While the impact of geopolitics on wholesale power prices is difficult to predict, carbon tax regimes are expected to bias the trend upwards. Corporates can reduce the volatility of their electricity costs by entering into PPA contracts with renewable developers that have fixed prices or flexible pricing with caps and floors.
Renewable energy sourcing can provide valuable economic, operational, and reputational benefits to your company:
Achieve direct financial benefits — Achieve lower future energy costs, benefiting from decreasing costs of renewable energy — Possibility to stabilize energy costs over a period of time — Utilize tax and financial incentives benefits: unlocking access to incentive mechanisms by investing in renewable energy capacity
Create long-term brand value — Respond to investor and consumer demand related to renewable energy consumption and production, driven by increasing awareness of climate change — Marketing & communications strategy can leverage the renewable energy transition to optimize the perception of investors, consumers, and other stakeholders
Increase resilience to future penalties and outages — Having a robust renewable energy sourcing strategy would help companies minimize the impact of potential carbon taxes under consideration in various jurisdictions — Secure access to decentralized, reliable energy sources by obtaining access to predictable and local supply to reduce dependence on third parties and mitigate geopolitical and grid stability risks (primarily in developing countries)
There are three main corporate PPA structures each having distinct characteristics and risk profiles:
Benefits: direct link generation/load with low interconnection costs; potential demand charges reduction; easy to integrate into sourcing portfolio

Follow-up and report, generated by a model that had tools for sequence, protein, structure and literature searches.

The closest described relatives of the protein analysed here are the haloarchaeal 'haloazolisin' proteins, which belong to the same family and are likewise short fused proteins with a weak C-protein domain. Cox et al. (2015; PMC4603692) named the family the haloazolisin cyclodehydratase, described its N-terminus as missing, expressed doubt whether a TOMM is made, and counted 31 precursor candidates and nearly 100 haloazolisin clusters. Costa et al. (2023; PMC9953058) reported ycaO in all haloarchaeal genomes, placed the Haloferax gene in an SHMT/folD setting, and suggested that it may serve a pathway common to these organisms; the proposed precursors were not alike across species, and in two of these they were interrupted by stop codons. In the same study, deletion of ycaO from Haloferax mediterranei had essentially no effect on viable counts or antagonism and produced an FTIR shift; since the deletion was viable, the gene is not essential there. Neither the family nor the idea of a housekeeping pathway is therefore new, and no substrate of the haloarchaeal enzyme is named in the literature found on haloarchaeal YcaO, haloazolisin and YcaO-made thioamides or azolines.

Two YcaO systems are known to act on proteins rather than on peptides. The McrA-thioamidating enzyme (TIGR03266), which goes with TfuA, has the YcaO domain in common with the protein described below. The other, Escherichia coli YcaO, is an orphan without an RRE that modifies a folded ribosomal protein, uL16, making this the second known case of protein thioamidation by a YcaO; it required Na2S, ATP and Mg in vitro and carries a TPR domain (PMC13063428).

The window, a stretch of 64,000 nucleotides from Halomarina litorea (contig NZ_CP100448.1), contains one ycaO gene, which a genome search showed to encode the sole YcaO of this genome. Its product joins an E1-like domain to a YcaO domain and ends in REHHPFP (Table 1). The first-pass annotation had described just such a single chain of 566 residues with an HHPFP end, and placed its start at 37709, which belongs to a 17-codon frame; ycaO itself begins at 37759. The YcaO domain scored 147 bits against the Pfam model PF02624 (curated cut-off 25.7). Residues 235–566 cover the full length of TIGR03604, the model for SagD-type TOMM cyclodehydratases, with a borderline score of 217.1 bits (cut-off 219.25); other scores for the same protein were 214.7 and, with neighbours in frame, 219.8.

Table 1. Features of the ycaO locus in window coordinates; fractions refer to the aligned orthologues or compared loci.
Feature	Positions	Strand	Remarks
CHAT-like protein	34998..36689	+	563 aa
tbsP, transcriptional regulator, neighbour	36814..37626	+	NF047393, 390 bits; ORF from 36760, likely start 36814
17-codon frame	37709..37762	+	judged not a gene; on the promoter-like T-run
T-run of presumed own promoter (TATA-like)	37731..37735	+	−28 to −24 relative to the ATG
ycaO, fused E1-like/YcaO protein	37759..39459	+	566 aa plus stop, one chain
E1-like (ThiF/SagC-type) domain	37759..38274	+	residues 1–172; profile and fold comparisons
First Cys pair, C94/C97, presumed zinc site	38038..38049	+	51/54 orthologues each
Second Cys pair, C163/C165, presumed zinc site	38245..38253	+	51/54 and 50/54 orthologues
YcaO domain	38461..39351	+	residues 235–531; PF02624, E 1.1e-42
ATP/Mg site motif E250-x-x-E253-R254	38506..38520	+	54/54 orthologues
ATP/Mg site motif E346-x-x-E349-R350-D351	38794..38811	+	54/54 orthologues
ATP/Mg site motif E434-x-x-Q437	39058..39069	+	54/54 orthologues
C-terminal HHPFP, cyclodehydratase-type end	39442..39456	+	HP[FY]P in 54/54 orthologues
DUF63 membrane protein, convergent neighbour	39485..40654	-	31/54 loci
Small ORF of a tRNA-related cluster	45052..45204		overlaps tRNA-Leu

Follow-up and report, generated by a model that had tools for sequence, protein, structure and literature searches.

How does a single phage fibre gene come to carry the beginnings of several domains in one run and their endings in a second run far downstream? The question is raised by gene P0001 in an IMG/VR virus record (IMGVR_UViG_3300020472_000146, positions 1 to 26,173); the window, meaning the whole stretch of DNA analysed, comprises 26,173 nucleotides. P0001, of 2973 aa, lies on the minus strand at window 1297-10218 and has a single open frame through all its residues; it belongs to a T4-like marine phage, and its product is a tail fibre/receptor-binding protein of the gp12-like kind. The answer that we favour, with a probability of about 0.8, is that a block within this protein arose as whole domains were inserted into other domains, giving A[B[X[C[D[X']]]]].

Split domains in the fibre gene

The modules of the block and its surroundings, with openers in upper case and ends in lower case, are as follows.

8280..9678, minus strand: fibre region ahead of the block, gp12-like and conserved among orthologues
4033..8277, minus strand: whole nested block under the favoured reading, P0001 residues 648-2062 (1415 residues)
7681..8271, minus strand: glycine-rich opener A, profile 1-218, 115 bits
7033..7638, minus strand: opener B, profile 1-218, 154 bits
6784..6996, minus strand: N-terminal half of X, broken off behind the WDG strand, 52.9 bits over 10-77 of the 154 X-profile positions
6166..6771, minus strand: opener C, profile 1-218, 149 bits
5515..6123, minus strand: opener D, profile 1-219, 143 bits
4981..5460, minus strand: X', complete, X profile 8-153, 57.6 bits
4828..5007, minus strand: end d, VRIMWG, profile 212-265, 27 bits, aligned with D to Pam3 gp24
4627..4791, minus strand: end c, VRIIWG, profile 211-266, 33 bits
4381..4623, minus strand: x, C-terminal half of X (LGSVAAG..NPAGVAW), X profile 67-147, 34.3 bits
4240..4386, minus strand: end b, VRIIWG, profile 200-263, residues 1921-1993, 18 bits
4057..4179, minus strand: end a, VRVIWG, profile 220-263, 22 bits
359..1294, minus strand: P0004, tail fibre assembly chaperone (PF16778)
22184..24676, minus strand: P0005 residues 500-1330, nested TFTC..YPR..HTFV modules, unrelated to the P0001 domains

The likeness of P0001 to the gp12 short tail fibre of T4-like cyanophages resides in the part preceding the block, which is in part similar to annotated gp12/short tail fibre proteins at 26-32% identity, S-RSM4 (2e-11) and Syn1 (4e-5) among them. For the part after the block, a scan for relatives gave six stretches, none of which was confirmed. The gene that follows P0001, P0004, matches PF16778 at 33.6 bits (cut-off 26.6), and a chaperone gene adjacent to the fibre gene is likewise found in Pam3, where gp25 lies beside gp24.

Considerations: need roof or land space availability and permits; CAPEX burden and (often) no economies of scale; supply limited to one site / location
Physical PPA (off-site)
Benefits: hedge against market power price volatility (if fixed price PPA); project optimization due to larger assets (scale effects); potential for multi-site supply
Considerations: requires deregulated retail market / wheeling; project must be located in the same network as load; potential fees for sleeving / wheeling
Virtual PPA (off-site)
Benefits: no location / network limit; no incremental sleeving / wheeling fees; hedge against market power price volatility
Considerations: larger potential for accounting impact; basis risk when reference price differs from retail price; no saving for network charges
Built upon experience from earlier successful renewable sourcing strategy implementations KPMG structures each activity into measurable phases:
Phase 1: strategy
A. Understand and define objectives and key decision criteria for energy sourcing strategy
B. Perform market and opportunity space analysis
C. Prepare a clear roadmap for implementation
Phase 2: preparation
A. Perform data collection and initial market sounding
B. Refine and develop a detailed go-to-market strategy
C. Prepare the data bundle
Phase 3: procurement
A. Initiate procurement process and developer dialogue
B. Evaluate bids received
C. Negotiate closing and complete the RFP process